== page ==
People sometimes worry about intelligent robots taking over the world and trying to exterminate the human race, as in the Terminator movies. Or perhaps, by creating human-level artificial intelligence operating at electronic speeds, we will bring about the Singularity, ending the world as we know it. While these may be possible, I consider them unlikely fantasies.
However, few people recognize that much of our world has already been taken over by artificial intelligent creatures.
In our society, especially the economic sphere of our society, there are not one, but two, species of intelligent agents participating, and not on a level playing field. We individual human beings are members of one species, and we often hold the touching illusion that we are the only species involved.
The members of the other species are corporations. My argument is aimed primarily at profit-making corporations, but the species also includes non-profits, unions, governments large and small, churches old and new, and other types of corporate entities.
A large corporation has goals and knowledge of its own. As a legal person, it can own property and sign contracts. It can make plans to achieve its goals, and take actions to carry them out. It is responsible for obeying the law, and can be punished for violating it, mostly by being fined, but possibly by being dissolved. On the other hand, it seems vastly unlikely that corporations are conscious in any meaningful sense. Without being able to feel things like pain, or fear, or shame, or guilt, it also seems very unlikely that "taking responsibility" means for a corporation anything like what it means for an individual human being.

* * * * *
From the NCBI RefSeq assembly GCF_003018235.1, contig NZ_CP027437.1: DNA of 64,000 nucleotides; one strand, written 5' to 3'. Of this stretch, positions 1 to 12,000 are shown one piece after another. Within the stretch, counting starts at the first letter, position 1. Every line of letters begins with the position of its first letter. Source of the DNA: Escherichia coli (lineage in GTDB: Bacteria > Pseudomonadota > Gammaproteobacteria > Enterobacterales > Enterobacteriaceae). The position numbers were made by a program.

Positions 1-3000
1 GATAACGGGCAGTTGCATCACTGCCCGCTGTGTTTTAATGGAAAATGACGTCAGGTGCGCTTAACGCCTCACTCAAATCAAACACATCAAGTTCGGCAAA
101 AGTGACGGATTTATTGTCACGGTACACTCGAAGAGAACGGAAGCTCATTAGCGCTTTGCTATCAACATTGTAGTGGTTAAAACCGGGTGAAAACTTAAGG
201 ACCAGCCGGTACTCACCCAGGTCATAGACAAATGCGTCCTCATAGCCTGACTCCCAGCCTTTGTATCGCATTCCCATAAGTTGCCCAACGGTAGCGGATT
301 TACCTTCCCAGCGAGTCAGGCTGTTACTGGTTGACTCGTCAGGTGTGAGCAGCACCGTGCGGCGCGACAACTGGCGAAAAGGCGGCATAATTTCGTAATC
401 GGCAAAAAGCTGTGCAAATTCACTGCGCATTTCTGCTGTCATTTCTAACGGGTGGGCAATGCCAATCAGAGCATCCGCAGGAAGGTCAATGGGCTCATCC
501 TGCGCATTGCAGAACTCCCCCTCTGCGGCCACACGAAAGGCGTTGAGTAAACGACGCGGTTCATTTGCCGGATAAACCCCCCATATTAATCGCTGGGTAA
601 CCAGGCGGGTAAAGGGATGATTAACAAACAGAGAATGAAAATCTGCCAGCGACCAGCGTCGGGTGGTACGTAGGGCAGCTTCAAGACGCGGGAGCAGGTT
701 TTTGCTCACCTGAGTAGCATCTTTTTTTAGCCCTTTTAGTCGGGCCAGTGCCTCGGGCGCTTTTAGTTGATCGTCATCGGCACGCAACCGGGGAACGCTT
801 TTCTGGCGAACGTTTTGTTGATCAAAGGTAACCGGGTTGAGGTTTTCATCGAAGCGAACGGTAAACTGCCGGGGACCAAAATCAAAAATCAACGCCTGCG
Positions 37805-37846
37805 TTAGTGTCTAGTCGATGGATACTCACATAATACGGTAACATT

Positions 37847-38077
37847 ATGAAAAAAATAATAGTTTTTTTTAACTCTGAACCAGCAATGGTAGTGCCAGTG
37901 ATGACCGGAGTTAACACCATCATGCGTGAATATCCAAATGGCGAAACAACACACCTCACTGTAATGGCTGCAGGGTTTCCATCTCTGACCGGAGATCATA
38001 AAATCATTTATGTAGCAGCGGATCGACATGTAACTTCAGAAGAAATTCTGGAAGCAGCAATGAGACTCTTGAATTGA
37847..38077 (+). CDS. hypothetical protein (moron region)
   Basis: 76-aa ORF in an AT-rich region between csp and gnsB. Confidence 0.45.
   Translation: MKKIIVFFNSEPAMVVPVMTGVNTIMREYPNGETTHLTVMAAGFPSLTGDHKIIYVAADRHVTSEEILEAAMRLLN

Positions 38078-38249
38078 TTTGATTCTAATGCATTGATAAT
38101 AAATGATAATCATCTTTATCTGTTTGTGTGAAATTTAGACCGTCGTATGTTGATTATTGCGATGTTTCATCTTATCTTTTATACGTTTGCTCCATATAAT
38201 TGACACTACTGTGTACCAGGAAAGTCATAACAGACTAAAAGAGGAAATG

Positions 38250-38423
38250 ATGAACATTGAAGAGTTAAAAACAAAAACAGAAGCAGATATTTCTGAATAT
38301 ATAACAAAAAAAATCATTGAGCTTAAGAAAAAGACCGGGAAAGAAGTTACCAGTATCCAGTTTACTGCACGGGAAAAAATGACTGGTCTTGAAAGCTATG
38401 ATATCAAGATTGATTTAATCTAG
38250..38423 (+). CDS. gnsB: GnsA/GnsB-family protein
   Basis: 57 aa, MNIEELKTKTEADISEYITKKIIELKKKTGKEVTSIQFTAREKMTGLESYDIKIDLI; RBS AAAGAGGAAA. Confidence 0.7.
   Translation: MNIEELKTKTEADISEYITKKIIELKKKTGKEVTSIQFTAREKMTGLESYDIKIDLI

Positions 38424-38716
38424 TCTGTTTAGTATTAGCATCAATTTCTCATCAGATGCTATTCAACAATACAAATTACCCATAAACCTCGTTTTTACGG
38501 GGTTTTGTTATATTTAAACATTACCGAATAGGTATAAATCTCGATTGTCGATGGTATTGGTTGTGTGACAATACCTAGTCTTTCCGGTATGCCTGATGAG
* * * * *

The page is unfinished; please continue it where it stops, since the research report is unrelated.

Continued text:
Unlike individual human beings, a corporation does not have a bounded lifespan. This is extremely valuable in the economic sphere, where the power of compound interest really kicks in after several decades of economic life. (Corporations are not invulnerable, of course, since they can be devoured by others, die of starvation, or be killed in some other way.) The effect of laws passed mostly in the nineteenth and twentieth century have given corporations commanding advantages over individual human beings in the economic sphere.
A corporation is made up of people, much as individual humans are made up of organs and cells. Few large corporations are under the control of any particular individual. Even the founder of a large corporation keeps his position only as long as his actions are seen as consistent with the goals of the corporation. (Think of Apple founder Steve Jobs or gunsmith Dan Cooper.)
The fundamental goal of a for-profit corporation is typically defined as increasing shareholder value, and progress toward this goal is interpreted and overseen by the Board of Directors. The checks and balances among the "organs" of a corporation do a pretty good job of preventing even powerful individuals from dramatically changing the priorities of corporations they are part of.
Creating a new, small corporation is a little like having a baby. In the beginning, it is entirely dependent on its human creators, and maybe it will be for the rest of its tiny life. The large majority of newly-created corporations never grow beyond total dependence on a few people, and so never become formidable agents in their own right.